United States v. Lopez, 514 U.S. 549, 24 (1995)

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Kennedy, J., concurring

state rates which substantially affect the former." Id., at 432-433. And in the Shreveport Rate Cases, 234 U. S. 342 (1914), the Court upheld an Interstate Commerce Commission order fixing railroad rates with the explanation that congressional authority, "extending to these interstate carriers as instruments of interstate commerce, necessarily embraces the right to control their operations in all matters having such a close and substantial relation to interstate traffic that the control is essential or appropriate to the security of that traffic, to the efficiency of the interstate service, and to the maintenance of conditions under which interstate commerce may be conducted upon fair terms and without molestation or hindrance." Id., at 351.

Even the most confined interpretation of "commerce" would embrace transportation between the States, so the rate cases posed much less difficulty for the Court than cases involving manufacture or production. Nevertheless, the Court's recognition of the importance of a practical conception of the commerce power was not altogether confined to the rate cases. In Swift & Co. v. United States, 196 U. S. 375 (1905), the Court upheld the application of federal antitrust law to a combination of meat dealers that occurred in one State but that restrained trade in cattle "sent for sale from a place in one State, with the expectation that they will end their transit . . . in another." Id., at 398. The Court explained that "commerce among the States is not a technical legal conception, but a practical one, drawn from the course of business." Ibid. Chief Justice Taft followed the same approach in upholding federal regulation of stockyards in Stafford v. Wallace, 258 U. S. 495 (1922). Speaking for the Court, he rejected a "nice and technical inquiry," id., at 519, when the local transactions at issue could not "be separated from the movement to which they contribute," id., at 516.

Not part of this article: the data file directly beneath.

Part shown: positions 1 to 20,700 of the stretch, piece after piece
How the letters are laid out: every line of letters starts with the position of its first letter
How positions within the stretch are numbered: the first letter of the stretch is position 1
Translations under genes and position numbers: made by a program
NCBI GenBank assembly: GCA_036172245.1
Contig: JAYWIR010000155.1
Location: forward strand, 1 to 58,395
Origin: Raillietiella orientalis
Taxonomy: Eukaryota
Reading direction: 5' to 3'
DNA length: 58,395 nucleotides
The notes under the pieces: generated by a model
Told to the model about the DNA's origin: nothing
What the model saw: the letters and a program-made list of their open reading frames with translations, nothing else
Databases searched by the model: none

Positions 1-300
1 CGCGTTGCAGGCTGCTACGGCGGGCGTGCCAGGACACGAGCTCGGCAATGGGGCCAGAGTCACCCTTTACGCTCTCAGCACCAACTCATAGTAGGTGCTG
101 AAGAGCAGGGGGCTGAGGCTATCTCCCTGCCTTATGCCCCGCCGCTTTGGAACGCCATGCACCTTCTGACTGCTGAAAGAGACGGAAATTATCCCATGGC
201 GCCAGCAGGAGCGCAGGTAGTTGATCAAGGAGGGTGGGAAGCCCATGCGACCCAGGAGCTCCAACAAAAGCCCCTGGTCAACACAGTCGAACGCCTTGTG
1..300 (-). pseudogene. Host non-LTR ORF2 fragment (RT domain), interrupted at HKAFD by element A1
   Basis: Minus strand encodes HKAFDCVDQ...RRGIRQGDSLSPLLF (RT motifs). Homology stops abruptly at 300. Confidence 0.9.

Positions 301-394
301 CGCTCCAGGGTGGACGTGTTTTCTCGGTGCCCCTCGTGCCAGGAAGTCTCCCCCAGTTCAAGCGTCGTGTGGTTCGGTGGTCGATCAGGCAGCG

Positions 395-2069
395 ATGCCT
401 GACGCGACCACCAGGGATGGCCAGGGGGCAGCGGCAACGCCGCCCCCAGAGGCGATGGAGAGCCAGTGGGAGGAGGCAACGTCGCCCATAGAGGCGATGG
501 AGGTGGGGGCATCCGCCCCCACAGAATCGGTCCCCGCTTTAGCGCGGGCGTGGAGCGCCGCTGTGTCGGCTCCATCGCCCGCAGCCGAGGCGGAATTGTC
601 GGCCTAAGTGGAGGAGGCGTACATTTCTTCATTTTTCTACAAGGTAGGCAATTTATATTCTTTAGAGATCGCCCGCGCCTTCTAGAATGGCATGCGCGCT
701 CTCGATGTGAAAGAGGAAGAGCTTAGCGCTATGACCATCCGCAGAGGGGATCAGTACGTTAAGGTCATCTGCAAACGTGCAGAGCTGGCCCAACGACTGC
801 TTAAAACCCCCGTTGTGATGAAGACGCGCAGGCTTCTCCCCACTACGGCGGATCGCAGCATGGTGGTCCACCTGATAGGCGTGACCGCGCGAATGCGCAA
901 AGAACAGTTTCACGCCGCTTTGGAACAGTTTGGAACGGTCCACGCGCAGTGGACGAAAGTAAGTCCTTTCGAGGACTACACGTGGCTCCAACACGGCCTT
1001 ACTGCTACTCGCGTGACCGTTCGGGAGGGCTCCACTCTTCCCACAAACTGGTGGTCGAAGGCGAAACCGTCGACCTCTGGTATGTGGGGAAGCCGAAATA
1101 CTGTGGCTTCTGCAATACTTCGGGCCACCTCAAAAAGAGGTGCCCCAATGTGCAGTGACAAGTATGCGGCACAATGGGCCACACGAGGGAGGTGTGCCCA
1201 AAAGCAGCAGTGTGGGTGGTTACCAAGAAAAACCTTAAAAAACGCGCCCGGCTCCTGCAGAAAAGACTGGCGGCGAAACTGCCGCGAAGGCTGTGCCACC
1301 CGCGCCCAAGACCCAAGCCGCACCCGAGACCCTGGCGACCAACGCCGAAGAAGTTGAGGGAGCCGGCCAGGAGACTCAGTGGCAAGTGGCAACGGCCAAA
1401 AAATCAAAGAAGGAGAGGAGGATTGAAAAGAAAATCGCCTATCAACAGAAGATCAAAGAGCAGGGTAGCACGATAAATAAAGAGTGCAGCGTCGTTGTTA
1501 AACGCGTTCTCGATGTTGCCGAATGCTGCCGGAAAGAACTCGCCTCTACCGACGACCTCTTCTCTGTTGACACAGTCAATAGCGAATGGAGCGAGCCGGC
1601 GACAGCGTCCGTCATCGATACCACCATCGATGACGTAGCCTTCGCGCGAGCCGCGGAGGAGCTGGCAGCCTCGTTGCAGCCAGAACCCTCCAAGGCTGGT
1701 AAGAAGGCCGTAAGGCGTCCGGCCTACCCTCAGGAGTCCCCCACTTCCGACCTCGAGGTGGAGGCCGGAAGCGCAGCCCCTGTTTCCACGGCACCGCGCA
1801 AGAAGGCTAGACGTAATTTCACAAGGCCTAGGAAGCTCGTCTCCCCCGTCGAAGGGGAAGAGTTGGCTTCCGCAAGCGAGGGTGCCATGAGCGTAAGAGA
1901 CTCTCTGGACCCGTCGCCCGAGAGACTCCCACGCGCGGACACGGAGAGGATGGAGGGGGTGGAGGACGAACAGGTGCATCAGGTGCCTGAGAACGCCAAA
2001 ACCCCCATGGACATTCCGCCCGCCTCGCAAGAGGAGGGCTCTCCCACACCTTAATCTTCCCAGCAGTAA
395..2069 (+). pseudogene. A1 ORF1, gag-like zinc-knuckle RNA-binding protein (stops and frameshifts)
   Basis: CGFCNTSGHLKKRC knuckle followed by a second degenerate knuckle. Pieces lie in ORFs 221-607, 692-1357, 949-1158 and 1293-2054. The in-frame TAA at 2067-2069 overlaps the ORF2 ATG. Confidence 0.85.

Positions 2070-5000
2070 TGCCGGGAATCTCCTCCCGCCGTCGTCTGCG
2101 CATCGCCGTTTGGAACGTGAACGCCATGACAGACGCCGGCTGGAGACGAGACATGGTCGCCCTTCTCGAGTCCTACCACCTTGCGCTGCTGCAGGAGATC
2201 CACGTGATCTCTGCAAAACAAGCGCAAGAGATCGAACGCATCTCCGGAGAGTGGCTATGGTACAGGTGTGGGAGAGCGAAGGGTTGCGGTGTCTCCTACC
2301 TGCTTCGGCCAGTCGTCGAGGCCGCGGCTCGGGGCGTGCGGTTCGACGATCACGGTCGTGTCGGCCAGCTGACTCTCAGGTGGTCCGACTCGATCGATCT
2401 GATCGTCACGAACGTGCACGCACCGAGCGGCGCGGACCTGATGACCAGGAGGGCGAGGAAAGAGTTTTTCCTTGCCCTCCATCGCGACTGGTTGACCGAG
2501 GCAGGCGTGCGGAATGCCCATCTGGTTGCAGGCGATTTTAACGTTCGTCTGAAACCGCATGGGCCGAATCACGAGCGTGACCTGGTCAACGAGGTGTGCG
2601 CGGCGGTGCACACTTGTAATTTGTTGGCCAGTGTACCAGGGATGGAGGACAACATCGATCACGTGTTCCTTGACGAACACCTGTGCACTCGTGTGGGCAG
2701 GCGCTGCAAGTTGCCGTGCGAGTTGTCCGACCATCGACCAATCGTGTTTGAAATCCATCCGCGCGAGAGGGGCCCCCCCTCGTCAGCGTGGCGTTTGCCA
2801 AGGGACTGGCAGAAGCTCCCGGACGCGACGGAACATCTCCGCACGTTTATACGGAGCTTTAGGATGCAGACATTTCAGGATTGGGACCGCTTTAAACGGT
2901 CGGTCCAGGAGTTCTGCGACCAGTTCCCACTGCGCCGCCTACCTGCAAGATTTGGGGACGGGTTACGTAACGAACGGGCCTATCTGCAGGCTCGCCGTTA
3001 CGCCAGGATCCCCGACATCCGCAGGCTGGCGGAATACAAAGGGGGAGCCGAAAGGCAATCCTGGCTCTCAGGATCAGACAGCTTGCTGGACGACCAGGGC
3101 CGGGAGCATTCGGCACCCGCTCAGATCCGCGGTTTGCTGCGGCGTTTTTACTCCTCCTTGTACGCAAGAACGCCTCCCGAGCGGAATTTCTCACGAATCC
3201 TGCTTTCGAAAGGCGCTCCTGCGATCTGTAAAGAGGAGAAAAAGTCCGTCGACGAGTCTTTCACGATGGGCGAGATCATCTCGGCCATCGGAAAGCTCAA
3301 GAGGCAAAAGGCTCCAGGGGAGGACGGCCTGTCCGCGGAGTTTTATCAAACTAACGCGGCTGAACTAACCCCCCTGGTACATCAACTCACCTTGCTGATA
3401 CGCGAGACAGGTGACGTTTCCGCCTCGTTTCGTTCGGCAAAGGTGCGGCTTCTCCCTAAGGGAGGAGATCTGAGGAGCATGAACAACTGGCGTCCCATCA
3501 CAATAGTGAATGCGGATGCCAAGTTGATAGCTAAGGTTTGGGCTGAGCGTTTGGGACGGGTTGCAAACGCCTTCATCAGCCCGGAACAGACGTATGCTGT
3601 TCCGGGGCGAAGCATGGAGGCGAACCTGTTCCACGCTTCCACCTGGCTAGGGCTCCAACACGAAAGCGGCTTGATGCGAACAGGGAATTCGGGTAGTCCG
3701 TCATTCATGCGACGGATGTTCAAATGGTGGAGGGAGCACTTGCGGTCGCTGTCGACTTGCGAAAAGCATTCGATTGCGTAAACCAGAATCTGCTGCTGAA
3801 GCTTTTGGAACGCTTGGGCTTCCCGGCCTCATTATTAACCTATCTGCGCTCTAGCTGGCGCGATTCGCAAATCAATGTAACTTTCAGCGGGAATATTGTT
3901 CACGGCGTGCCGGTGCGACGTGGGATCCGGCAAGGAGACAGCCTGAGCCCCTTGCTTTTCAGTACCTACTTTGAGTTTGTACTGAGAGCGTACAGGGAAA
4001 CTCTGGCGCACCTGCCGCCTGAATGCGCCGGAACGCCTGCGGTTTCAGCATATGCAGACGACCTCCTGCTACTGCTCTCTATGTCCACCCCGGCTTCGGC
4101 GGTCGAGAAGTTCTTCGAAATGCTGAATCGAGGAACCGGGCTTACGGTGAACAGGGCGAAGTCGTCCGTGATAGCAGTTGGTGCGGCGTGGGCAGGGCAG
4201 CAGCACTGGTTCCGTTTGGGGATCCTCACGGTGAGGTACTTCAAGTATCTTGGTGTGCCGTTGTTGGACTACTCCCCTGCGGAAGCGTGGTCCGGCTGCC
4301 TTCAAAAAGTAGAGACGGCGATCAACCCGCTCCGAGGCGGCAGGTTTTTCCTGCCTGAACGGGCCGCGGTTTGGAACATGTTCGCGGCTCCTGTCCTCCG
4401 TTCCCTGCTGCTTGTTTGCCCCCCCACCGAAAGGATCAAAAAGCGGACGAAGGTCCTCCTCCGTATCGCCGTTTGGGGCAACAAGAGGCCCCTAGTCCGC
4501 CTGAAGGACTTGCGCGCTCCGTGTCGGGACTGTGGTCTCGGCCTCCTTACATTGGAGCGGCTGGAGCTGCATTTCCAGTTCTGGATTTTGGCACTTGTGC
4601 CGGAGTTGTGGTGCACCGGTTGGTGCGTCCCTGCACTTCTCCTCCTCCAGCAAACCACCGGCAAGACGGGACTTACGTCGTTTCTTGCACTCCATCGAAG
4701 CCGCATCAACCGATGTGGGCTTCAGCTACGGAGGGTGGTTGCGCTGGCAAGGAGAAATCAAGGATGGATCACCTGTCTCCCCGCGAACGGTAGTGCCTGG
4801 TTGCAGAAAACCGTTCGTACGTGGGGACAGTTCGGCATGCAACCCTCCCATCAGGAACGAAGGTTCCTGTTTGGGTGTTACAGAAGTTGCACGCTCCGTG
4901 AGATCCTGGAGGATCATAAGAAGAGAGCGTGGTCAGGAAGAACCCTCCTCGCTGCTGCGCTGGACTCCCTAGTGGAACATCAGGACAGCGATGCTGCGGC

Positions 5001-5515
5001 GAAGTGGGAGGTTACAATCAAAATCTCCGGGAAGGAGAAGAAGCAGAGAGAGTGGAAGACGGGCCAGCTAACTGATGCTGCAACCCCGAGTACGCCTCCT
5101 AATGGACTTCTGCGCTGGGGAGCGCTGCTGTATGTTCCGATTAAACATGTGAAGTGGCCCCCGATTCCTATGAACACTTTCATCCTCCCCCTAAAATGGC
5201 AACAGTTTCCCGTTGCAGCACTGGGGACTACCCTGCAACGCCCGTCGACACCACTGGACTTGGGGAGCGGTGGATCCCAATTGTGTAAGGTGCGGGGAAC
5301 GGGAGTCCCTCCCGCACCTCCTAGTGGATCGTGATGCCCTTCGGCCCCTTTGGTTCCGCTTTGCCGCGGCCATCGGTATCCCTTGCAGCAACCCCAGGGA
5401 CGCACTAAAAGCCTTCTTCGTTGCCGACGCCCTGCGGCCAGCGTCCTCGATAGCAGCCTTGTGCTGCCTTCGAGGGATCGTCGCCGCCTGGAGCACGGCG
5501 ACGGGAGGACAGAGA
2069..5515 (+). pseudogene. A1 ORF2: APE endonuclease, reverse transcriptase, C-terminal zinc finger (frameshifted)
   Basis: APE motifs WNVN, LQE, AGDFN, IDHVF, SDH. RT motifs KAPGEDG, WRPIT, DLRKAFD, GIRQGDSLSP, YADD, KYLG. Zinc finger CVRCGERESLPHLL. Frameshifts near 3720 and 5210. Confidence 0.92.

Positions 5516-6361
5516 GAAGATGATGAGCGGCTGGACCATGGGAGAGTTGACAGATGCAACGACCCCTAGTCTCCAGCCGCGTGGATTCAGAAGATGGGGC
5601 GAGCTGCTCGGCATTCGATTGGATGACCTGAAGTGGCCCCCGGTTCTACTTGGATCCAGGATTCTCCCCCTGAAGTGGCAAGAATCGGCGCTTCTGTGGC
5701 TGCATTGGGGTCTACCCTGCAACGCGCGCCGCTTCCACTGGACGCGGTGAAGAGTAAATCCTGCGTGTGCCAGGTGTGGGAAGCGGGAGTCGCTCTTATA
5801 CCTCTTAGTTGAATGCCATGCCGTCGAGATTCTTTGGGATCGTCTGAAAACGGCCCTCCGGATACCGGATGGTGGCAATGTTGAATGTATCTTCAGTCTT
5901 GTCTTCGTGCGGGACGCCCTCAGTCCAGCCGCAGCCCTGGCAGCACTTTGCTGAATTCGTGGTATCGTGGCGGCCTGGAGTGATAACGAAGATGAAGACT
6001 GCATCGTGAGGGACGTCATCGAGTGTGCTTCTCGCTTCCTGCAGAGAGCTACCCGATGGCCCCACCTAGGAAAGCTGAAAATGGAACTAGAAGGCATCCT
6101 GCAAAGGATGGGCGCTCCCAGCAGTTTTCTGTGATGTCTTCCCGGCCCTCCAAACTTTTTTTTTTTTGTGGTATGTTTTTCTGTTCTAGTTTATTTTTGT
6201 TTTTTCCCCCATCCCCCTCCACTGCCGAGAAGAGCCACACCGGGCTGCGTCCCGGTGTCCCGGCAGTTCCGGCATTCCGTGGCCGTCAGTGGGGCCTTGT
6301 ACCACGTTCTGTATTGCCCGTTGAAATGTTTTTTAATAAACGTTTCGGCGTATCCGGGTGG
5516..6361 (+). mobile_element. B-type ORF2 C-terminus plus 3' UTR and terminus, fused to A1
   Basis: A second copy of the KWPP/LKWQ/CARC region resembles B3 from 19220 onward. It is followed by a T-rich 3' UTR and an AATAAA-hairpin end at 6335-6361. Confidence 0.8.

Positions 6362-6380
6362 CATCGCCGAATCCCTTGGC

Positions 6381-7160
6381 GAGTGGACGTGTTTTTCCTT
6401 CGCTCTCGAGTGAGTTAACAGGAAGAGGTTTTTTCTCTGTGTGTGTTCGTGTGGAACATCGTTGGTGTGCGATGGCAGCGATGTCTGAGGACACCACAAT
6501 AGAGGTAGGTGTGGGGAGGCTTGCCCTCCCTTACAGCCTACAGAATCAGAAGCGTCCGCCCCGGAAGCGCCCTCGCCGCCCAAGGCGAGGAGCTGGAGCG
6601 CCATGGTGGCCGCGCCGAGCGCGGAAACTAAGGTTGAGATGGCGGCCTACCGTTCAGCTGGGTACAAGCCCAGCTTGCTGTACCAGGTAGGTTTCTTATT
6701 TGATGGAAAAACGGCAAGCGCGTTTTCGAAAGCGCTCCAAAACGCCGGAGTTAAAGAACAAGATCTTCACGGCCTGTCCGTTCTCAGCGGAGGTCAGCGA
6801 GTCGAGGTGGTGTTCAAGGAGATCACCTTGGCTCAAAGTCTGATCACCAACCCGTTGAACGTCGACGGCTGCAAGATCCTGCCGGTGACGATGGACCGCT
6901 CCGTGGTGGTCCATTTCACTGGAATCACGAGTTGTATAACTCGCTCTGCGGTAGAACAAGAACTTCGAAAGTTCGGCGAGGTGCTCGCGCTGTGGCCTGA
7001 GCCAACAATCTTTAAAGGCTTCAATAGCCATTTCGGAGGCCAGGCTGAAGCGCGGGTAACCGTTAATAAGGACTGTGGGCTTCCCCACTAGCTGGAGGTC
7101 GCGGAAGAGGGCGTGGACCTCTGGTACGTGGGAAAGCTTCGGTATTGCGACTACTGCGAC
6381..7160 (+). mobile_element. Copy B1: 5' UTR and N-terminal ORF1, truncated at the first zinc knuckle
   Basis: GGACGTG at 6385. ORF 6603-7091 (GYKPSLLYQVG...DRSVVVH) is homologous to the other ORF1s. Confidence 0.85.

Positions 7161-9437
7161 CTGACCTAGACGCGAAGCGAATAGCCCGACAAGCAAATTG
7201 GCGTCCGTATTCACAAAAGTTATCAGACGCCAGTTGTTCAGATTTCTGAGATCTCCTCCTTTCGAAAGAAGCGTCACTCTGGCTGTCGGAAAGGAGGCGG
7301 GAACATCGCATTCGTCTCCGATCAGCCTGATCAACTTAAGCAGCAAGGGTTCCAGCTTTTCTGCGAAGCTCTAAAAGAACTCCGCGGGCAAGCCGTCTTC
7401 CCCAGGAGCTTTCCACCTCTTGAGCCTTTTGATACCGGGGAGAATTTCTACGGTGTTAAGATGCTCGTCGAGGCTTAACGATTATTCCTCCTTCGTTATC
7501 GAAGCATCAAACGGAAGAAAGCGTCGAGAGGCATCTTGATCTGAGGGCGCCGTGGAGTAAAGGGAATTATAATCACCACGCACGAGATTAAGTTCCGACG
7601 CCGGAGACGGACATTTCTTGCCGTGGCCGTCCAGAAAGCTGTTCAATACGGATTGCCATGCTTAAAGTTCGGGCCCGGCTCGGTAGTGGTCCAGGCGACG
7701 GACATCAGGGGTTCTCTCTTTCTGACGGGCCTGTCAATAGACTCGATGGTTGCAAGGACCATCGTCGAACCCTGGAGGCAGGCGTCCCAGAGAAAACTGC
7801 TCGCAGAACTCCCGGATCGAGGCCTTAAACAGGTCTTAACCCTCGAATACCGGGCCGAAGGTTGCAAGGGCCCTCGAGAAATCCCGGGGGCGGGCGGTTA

Reluctance of the Court to adopt that approach in all of its cases caused inconsistencies in doctrine to persist, however. In addressing New Deal legislation the Court resuscitated

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